On Saturday, January 21 around 11 PM to catch the lowest tide of the month, a team of Project Watershed volunteers and a group of Chemical and Biological engineering students from the University of British Columbia walked out onto the mud flats to obtain some samples of estuary sediment and eelgrass rhizomes. This is part of a joint effort to measure carbon dioxide uptake by eelgrass first in simulated tanks at the UBC campus and then actual measurements of uptake in photosynthesis in the intertidal areas of our estuary. Dr. Royann Petrell and five students from her advanced class in chemical and biological engineering laboratory techniques, as part of their program for students’ hands-on learning about community realities are working with a Comox Valley Stewardship group on these efforts. The team was led out onto the estuary by Project Watershed’s Michele Jones, Dan Bowen and Dave Davies from DFO.
A major question facing residents of communities like the Comox Valley is how we can reduce our dependence on fossil fuels. One approach is to establish strategies of conservation or use of renewable energy (solar, wind, etc.). Another is to eliminate carbon dioxide (CO2) in the atmosphere through living carbon storage. Living carbon is more commonly known as the long-term storage of carbon in the tissues of trees and plants in forests.
A special opportunity exists for those of us who live in coastal communities. Blue carbon is a form of living carbon that occurs in aquatic environments where aquatic plants such as eelgrass act to store carbon in the soils and sediments. Greenhouse gas reductions (of carbon dioxide) can be achieved through uptake by estuarine “Blue Forests” moving these greenhouse gases to estuaries and Deep Ocean (sediments).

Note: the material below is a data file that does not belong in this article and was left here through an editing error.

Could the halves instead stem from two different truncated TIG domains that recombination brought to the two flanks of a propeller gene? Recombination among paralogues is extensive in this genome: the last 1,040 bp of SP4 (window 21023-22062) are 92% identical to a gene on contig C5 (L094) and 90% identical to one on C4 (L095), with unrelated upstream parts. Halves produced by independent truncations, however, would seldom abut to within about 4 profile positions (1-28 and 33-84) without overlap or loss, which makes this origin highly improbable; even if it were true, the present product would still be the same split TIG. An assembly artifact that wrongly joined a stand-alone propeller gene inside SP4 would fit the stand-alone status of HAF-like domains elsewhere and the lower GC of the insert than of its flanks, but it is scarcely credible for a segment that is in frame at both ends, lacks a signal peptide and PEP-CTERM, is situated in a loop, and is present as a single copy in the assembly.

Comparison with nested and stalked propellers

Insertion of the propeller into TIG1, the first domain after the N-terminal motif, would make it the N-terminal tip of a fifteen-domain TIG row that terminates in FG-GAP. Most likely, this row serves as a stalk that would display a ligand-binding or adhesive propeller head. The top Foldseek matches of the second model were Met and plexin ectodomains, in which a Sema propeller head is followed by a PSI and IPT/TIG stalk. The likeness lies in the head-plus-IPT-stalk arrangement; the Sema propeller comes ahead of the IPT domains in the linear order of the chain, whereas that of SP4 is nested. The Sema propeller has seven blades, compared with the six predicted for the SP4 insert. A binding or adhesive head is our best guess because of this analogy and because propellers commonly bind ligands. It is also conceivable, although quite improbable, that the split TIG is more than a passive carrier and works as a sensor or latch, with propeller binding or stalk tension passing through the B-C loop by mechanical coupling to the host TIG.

The Comox Valley Project Watershed Society, through its Estuary Working Group, has launched a pilot project to evaluate carbon storage by estuarine vegetation systems and to assess the effects of community based restoration efforts on eelgrass meadows and their abilities to remove greenhouse gas from the atmosphere. Recent reports indicate eelgrass can be as much as 90 times as effective as identical areas of coniferous forest in removal of CO2 from the atmosphere. This project represents a long -term effort and has a “win-win” outcome for both carbon sequestration and habitat improvement.
Loss of, and damage to, eelgrass has affected whole populations of fish, including threatened salmon and herring, water fowl, shellfish, and other animals. Many animals use eelgrass meadows for nursery areas, others swim or walk among the leaves, or burrow in the sediments. Within eelgrass meadows, there is food and shelter for a wide variety of creatures. Therefore eelgrass restoration efforts automatically improve habitat and biodiversity in addition to their potential to positively affect climate change.
Should you be interested in making a contribution to this project or to become involved as a volunteer in the future, please contact Project Watershed at 250-703-2871 or Email at <firstname.lastname@example.org><email@example.com>